Plant breeding and genetics: Yarn performance of texas quality upland cotton germplasm

C. Wayne Smith, Steve Hague, Eric Hequet, Brendan Kelly

Research output: Contribution to journalArticlepeer-review

Abstract

Ring and rotor spinning predominate the cotton spinning market with ring spinning dominating globally while United States (U.S.) spinners prefer rotor because of its production speed and high automation level. Newer and faster spinning technologies such as “air jet” spinning, exemplified by Murata Vortex Spinning (MVS), are being deployed. Rotor spinning produces yarn five times faster than ring, and the MVS produces 100 % cotton yarn over 20 times faster than ring spinning. Fiber quality improvements will be necessary for Upland cotton to be competitive with other fibers on MVS. Texas A&M Agrilife Research has released improved fiber quality germplasm lines and cultivars that equal or exceed the fiber quality parameters associated with the New Mexico Acala germplasm pool, which is considered the elite quality among Upland breeding pools. Two improved quality Texas A&M germplasm lines were compared with Acala 1517-08 for High Volume Instrument (HVI) and Advanced Fiber Information System (AFIS) fiber quality parameters plus yarn strength and appearance parameters. These genotypes were grown in 2017 and 2019 at Weslaco, Texas under irrigated culture. The three genotypes were similar in all fiber quality measurements except lengh and fiber strength. TAM 06WE-621 and TAM KJ-Q14 produced stronger yarns with improved yarn appearance when spun on either ring or air jet spinning technologies. Data suggest that the Texas A&M quality germplasm pool can be used to develop Upland cotton cultivars that will produce fibers competitive for the emerging MVS technology.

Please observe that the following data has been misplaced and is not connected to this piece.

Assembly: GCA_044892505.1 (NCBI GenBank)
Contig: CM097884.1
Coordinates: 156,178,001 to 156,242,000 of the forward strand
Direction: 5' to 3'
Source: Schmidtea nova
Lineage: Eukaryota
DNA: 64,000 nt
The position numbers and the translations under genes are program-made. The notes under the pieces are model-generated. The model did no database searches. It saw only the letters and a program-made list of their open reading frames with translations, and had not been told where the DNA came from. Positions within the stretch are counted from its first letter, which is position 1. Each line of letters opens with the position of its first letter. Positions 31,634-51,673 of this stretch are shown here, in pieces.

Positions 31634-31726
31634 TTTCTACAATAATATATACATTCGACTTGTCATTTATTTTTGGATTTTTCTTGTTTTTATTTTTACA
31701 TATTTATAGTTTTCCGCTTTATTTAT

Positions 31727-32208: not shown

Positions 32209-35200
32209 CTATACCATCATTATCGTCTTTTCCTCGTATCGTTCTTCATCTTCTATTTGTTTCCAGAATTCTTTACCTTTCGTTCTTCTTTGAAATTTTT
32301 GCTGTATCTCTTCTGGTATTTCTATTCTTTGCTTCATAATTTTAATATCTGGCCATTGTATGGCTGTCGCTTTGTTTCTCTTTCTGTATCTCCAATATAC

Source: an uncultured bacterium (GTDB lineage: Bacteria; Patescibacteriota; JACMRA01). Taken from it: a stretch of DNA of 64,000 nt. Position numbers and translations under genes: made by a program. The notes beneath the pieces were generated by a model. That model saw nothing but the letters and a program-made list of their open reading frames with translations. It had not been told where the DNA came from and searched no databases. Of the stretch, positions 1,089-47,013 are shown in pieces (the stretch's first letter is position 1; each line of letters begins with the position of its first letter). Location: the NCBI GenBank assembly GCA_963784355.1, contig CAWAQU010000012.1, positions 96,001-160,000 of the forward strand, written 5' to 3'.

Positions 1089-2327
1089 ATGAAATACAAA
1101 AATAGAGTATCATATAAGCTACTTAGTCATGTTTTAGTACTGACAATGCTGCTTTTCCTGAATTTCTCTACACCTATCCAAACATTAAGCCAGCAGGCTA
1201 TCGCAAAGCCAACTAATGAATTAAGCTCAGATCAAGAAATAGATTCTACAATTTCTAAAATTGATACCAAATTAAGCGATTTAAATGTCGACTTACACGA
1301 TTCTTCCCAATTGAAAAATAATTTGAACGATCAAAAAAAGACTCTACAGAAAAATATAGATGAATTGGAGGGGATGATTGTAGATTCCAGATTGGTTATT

Original languageEnglish
Pages (from-to)21-30
Number of pages10
JournalJournal of Cotton Science
Volume25
Issue number1
StatePublished - 2021

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